December 17, 2014
’Tis the season to be burning synthetic fire logs, but a new study from UNC’s Gillings School of Global Public Health reports that using these prepackaged fireplace staples also could increase the chances of developing breast cancer.
Alexandra White, MSPH, epidemiology doctoral student at the Gillings School, is first author of the study, “Indoor Air Pollution Exposure from Use of Indoor Stoves and Fireplaces in Association with Breast Cancer: A Case-Control Study,” published online Dec. 12 in Environmental Health.
Wood and synthetic logs are sources of polycyclic aromatic hydrocarbons (PAHs), which cause mammary cancer in animal experiments. Both contribute to residential air pollution, but researchers found that only the synthetic logs were found to be associated with an increased risk of breast cancer.
“Certainly the burning of real or synthetic logs releases toxic pollutants into the air,” White said, “but we found that burning synthetic logs significantly increased the risk of developing breast cancer, whereas burning the wood logs did not. The fact that the association with breast cancer risk was found only with synthetic logs was a surprise, which means our research should be interpreted with care and should be repeated by others. We also found a stronger association between synthetic log burning and breast cancer risk with more years of exposure to burning synthetic logs and in women with certain genetic variations that may make them more susceptible to PAHs.”
The current study was part of the Long Island Breast Cancer Study (LIBCS) Project, which is focused upon identifying environmental risk factors for breast cancer. Marilie Gammon, PhD, professor of epidemiology at the Gillings School, is principal investigator for the LIBCS, which was undertaken in collaboration with investigators at Columbia University and Mount Sinai’s Icahn School of Medicine and Consulting in the Public Interest.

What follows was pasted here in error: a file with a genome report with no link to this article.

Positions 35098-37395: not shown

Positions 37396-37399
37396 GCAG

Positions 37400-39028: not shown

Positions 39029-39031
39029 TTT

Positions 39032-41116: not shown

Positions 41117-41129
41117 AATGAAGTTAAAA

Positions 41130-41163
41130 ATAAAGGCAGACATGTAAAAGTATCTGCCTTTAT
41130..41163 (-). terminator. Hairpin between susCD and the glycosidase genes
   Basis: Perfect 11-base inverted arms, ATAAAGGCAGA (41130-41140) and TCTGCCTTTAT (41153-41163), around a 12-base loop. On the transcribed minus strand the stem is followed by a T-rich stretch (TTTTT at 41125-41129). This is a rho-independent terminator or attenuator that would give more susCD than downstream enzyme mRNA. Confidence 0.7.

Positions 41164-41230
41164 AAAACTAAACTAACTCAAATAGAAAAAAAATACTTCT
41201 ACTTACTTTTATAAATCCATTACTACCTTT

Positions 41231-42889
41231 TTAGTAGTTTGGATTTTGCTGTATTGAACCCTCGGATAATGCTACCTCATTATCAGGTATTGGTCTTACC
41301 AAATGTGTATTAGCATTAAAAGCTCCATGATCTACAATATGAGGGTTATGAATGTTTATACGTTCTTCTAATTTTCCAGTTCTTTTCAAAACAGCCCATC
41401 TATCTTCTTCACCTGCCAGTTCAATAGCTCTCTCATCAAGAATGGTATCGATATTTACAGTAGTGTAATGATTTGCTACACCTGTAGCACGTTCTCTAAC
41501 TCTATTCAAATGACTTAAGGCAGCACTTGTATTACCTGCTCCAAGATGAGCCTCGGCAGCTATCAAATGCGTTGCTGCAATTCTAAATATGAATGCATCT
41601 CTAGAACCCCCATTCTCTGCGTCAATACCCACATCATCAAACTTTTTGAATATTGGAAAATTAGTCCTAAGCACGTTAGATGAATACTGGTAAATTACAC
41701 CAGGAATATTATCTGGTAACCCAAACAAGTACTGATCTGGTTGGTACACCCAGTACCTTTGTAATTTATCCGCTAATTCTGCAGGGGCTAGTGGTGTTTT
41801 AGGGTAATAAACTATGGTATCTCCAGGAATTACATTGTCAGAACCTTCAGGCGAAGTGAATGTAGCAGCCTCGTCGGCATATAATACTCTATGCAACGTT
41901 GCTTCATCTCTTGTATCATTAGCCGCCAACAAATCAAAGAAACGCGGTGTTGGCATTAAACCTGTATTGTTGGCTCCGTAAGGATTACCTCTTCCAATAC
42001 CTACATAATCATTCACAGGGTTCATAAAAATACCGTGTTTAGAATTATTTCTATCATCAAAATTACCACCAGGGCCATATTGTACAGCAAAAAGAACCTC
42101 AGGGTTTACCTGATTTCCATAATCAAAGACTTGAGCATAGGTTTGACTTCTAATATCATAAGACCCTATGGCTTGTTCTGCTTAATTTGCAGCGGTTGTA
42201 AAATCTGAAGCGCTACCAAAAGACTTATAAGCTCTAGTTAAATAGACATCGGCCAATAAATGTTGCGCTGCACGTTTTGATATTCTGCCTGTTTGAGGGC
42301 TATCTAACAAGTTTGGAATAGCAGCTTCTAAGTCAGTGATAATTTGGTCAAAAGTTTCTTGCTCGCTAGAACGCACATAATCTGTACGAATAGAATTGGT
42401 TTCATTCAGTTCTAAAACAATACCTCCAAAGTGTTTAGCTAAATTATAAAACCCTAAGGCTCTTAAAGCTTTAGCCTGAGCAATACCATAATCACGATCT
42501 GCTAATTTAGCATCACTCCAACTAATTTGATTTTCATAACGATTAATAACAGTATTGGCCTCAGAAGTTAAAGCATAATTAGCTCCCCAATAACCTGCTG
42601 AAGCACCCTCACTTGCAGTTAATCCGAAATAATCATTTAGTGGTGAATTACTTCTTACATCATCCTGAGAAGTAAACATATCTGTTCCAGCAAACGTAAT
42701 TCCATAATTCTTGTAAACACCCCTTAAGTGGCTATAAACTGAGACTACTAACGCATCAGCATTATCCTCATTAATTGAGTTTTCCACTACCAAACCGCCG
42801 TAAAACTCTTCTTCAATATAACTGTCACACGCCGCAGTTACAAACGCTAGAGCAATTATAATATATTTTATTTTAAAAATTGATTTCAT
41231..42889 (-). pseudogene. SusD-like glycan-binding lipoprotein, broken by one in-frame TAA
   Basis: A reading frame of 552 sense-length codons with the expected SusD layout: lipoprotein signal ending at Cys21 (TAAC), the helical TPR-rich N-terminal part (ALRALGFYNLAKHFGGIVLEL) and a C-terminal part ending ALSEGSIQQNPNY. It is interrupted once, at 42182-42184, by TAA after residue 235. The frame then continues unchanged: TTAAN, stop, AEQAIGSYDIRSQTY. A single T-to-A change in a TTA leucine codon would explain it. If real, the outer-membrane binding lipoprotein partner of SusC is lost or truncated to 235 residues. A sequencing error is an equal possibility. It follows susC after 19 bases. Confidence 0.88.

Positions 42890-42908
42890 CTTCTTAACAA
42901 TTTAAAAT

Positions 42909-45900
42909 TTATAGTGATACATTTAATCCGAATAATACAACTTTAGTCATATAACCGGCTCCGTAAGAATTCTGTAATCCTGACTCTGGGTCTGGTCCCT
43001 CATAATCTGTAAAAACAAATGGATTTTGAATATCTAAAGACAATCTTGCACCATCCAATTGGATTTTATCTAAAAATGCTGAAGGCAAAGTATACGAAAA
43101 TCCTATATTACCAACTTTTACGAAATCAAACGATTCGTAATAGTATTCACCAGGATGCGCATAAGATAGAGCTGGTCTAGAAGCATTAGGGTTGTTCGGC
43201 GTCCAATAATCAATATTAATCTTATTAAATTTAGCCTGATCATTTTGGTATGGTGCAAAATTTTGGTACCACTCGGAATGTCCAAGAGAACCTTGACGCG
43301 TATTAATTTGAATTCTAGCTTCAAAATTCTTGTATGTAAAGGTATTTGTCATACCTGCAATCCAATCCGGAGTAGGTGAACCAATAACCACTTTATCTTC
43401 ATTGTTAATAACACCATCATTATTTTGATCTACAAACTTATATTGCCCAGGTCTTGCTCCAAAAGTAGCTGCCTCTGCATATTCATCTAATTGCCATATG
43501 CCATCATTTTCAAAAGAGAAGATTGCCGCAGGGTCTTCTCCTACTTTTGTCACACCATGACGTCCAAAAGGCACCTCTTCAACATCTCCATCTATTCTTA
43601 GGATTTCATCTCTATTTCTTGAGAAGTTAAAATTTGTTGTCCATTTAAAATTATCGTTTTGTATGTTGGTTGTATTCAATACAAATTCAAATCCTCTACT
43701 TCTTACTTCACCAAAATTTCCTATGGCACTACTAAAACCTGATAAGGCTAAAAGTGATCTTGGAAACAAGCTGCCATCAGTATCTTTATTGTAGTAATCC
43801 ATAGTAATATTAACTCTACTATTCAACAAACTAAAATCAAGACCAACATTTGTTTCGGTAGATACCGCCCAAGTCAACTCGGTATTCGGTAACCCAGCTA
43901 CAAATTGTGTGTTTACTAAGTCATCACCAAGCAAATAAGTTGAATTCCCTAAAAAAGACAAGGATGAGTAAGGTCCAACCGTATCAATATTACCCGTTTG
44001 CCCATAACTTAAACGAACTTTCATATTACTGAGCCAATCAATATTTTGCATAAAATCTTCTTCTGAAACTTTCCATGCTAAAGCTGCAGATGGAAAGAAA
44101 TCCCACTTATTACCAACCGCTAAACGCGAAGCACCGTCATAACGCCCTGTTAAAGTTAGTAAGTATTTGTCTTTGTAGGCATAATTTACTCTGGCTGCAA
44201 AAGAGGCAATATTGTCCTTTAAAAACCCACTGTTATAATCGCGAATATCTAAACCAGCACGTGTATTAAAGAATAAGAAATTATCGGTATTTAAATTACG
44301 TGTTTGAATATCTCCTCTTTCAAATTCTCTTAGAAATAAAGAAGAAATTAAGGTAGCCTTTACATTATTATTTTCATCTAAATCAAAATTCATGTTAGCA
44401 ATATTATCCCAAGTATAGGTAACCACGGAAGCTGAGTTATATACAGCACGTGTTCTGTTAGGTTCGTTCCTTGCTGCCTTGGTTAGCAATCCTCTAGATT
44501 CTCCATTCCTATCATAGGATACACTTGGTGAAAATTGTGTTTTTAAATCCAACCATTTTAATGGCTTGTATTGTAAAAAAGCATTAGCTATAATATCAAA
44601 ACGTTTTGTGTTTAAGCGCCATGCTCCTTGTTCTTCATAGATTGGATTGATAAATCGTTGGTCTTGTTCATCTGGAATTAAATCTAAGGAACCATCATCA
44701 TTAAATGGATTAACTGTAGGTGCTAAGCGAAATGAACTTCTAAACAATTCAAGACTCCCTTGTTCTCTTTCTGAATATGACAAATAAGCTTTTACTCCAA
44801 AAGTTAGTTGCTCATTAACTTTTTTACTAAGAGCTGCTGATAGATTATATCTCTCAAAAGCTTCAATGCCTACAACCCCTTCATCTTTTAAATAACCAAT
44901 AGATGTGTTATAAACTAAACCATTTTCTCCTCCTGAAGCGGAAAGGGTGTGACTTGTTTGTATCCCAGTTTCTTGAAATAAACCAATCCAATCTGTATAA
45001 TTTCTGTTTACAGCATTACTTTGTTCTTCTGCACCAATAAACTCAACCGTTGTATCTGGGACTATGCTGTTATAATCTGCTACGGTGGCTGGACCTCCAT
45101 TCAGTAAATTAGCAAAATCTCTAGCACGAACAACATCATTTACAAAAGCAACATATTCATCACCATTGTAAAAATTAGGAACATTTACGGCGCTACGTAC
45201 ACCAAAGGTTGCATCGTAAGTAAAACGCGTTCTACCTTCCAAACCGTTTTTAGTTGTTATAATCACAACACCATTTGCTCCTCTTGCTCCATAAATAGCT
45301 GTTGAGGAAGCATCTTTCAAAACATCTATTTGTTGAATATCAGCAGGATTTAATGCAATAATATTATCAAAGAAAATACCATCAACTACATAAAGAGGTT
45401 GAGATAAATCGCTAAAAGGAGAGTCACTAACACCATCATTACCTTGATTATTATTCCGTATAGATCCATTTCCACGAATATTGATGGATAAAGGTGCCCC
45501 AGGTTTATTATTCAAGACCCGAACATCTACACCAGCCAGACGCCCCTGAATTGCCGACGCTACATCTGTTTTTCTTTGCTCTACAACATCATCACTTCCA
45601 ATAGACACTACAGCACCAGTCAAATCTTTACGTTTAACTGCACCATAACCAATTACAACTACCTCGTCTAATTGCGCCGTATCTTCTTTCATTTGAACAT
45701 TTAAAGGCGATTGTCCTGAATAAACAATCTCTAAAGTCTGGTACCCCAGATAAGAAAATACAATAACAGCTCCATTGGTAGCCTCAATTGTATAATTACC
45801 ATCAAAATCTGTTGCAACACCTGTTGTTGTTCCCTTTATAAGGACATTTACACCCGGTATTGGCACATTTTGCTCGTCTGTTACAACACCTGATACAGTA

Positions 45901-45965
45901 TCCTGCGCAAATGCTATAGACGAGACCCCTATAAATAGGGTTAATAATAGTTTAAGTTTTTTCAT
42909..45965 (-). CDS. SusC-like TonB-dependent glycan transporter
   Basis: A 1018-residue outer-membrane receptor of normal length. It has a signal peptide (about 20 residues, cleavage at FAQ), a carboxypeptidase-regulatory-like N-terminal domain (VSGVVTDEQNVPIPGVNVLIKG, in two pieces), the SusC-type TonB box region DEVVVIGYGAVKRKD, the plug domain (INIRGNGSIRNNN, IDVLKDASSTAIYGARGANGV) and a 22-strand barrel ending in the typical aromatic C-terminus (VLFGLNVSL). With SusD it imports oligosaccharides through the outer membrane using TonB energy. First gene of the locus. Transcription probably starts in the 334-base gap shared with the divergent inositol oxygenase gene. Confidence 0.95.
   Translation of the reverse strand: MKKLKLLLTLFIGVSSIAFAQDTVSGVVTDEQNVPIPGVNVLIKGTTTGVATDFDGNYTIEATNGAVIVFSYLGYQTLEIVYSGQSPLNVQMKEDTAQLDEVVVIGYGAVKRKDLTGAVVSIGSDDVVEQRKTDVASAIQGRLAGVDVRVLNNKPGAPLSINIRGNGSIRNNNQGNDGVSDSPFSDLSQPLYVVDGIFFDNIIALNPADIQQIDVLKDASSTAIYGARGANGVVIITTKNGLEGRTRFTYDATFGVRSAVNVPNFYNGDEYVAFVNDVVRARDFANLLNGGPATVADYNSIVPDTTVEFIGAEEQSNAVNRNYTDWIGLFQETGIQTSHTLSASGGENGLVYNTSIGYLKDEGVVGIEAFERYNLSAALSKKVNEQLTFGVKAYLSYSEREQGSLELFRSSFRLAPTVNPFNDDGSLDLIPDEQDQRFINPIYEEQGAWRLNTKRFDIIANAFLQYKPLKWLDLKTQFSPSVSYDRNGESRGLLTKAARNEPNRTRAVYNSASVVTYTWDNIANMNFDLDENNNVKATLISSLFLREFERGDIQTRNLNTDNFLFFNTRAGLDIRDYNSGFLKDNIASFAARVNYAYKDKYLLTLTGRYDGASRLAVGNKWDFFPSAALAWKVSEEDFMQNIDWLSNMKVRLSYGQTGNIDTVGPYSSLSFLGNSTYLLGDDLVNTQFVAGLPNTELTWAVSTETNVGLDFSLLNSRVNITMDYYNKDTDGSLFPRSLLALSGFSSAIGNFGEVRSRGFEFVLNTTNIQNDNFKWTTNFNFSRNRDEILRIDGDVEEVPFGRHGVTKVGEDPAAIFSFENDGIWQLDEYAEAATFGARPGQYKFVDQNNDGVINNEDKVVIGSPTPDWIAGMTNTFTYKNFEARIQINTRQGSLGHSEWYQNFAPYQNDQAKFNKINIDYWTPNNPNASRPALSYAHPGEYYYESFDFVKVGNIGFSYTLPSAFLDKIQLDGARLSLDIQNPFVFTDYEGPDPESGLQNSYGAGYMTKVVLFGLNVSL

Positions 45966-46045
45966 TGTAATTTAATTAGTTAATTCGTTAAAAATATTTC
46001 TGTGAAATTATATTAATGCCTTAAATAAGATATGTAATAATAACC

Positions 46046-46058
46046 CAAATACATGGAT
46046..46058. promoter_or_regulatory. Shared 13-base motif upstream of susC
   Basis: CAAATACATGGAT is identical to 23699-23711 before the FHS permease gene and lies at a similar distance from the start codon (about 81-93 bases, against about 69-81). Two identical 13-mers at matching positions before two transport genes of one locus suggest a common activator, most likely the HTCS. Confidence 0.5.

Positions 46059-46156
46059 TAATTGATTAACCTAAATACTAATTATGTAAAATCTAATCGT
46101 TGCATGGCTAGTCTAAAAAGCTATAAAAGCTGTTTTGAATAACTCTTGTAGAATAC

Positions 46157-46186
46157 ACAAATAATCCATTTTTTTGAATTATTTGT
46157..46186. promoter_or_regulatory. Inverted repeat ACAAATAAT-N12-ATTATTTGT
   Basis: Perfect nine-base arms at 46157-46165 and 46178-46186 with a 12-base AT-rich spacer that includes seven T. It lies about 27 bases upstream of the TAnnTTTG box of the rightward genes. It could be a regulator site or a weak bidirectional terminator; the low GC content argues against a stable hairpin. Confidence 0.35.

The current study examined 1,508 cancer cases with 1,556 controls. Among all study subjects, 747 reported using a fireplace or indoor stove at least three times per year in one of their Long Island residences. Of these, 246 cases (16.4 percent) and 202 controls (13 percent) burned synthetic logs. Among those who used synthetic logs, breast cancer risk was increased by 42 percent in association with burning those logs in a fireplace or indoor stove.
White cautions that the results are not definitive and that further study is needed.
“Because wood burning was not found to be associated with breast cancer risk, this association should be replicated in other study populations,” she said. “We also were unable to differentiate between use of closed indoor stoves versus open fireplaces, which may contribute differently to indoor air pollution levels.”
White notes, however, that the high incidence of breast cancer in the U.S. and the relatively common prevalence of indoor stoves and fireplaces suggest that this research, if confirmed, may have considerable public health impact.